Generally speaking such programs consist of at least one (sometimes hundreds of) centrally located bike-rental station where you can automatically rent bikes with your phone, an app or a special pre-paid card charged to your credit card, your phone bill, your bank account or the aformentioned pre-paid card. Traditionally most cities have offered their own system such as Ecobici in Mexico City or StadtRad Hamburg in Hamburg, however in recent times some companies have specialized in this kind of service. Most notable among them is nextbike (operating mostly in Europe, but also in New Zealand) and call a bike which belongs to German railway operator Deutsche Bahn. Both are based on a rate per time which is charged by the minute (call a bike) or the half hour (nextbike). Usually the maximum time you can rent a bike is 24 hours (with rates capped at roughly ten to fifteen Euros a day) but you can return a bike any time you want and get a new one (you have to allow for a short waiting period of about 5 minutes).
As this system is still new and many companies are entering the market expect things to change rapidly and coverage to vary depending on revenue and local politics. Some cities also pay for their bike-rental operator to offer the first x minutes for free. Typical rates should be 8 cents per minute (call a bike, no discounts) or one Euro per half hour (nextbike, no discounts), however nextbike for example offers a discount of roughly fifty percent (with a free first half hour) for a price of three Euros per month valid for all cities and all bicycles operating on the nextbike system. Call a bike gives a 25% discount for all BahnCard 25 owners (also good for 25% reduced fares with Deutsche Bahn). Numerous city owned or city run systems give discounts for residents, special offers for tourists (sometimes in combinations with public transport discounts) or discounts for owners of week or month tickets for public transport.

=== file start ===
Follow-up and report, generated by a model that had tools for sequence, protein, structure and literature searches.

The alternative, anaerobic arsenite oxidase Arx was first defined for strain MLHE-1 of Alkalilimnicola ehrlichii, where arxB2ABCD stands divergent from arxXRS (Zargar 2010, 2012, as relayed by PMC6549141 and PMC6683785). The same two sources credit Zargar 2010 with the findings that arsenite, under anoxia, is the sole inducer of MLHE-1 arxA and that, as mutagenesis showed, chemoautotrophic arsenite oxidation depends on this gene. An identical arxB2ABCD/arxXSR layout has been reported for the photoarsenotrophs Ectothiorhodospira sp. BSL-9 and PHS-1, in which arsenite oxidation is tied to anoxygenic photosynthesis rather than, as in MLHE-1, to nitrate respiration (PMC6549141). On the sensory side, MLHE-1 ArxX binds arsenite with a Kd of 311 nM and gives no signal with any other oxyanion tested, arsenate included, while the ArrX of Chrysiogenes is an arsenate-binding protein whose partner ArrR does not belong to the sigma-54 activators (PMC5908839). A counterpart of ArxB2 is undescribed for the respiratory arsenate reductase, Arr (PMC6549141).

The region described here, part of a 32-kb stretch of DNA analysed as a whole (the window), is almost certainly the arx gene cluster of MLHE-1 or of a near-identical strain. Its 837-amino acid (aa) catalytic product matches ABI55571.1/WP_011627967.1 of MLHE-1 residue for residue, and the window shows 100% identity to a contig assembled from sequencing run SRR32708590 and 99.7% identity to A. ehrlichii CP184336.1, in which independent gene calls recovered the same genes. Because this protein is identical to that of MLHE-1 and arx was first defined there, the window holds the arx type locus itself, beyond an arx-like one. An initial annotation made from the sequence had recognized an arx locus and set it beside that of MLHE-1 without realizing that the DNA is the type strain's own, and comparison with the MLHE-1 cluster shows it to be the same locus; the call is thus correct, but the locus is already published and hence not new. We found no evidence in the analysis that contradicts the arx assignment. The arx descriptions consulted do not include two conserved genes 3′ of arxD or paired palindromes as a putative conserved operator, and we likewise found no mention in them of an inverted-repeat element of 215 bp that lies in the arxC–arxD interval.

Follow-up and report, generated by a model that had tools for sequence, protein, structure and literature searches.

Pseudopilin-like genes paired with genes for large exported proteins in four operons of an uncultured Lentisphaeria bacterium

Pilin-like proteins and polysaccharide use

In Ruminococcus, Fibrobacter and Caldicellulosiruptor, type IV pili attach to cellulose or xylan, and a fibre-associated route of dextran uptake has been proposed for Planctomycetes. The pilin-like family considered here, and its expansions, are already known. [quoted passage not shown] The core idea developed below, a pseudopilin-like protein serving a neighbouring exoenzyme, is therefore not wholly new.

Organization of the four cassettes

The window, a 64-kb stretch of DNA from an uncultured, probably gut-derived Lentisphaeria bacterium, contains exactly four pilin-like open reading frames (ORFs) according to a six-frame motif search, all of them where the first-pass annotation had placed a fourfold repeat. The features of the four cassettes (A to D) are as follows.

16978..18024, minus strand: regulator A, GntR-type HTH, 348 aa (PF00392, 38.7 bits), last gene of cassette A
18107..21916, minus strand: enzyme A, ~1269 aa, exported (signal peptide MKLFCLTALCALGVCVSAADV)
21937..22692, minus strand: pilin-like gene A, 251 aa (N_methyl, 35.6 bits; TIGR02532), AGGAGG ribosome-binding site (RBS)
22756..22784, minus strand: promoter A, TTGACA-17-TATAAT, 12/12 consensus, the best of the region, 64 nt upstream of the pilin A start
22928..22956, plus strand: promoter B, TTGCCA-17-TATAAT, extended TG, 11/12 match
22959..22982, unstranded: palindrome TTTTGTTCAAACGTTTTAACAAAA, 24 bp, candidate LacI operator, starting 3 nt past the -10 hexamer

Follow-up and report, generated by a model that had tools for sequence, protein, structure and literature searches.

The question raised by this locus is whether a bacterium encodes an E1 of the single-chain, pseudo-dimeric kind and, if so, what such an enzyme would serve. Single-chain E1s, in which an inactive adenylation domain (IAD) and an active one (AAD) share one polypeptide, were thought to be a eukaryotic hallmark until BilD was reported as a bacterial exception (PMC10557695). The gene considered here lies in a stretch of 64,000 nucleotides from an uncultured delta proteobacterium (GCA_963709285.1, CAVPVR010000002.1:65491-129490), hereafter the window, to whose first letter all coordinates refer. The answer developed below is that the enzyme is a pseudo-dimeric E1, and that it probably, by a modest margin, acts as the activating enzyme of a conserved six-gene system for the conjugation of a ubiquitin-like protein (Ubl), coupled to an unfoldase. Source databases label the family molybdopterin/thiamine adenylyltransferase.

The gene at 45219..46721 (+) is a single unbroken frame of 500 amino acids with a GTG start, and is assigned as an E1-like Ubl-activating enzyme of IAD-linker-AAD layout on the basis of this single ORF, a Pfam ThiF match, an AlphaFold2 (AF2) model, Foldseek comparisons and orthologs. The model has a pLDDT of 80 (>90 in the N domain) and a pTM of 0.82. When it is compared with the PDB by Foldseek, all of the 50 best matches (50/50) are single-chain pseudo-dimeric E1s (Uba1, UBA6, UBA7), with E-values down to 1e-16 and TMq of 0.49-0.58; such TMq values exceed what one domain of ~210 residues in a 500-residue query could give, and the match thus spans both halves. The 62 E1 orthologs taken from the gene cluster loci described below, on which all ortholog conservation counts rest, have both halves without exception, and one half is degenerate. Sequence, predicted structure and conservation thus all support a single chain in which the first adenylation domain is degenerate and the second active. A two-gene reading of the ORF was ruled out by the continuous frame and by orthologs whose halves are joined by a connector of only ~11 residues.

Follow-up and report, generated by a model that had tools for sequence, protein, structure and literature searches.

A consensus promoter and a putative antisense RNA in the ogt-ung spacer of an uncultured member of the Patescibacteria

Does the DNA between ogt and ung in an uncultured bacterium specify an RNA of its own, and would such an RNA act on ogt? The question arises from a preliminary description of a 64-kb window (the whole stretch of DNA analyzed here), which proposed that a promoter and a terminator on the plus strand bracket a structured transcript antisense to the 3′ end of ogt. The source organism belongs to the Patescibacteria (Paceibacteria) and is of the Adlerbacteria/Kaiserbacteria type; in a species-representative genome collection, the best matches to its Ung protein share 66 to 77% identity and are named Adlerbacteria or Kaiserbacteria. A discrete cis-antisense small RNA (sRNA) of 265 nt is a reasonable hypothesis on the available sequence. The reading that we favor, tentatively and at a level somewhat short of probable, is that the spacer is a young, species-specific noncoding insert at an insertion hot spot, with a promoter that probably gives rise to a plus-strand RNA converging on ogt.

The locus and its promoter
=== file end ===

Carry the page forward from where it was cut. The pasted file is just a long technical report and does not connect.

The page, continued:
In the United States (notably) Washington and New York City the systems are notably more expensive, as more of the revenue is generated through user-fees whereas nextbike earns most of its money through advertising on the bikes and stations as well as local cooperations.
Maps and routes
Cycling information and routes are usually found online, often from local authorities websites. OpenStreetMap, has user compiled cycling routes available rendered as a layer on its main website, and cycling routing maps available to download to Garmin devices that you can mount on your bike. There are many apps that can be downloaded to smartphones that take advantage of OSM data.
Google Maps also has cycle route layers for many places and Android phones already include it.
Advice and tips for cycle trips
There's a host of tips and advice available which is helpful especially if you're planning a longer journey. Correctly packed bikes can be taken on most trains, ferries and planes, and even sometimes on buses.
You can bike anywhere, but there are places where cycling is particularly good or easy. These are some of the more popular destinations and cycle routes, to give you a taste of what's possible.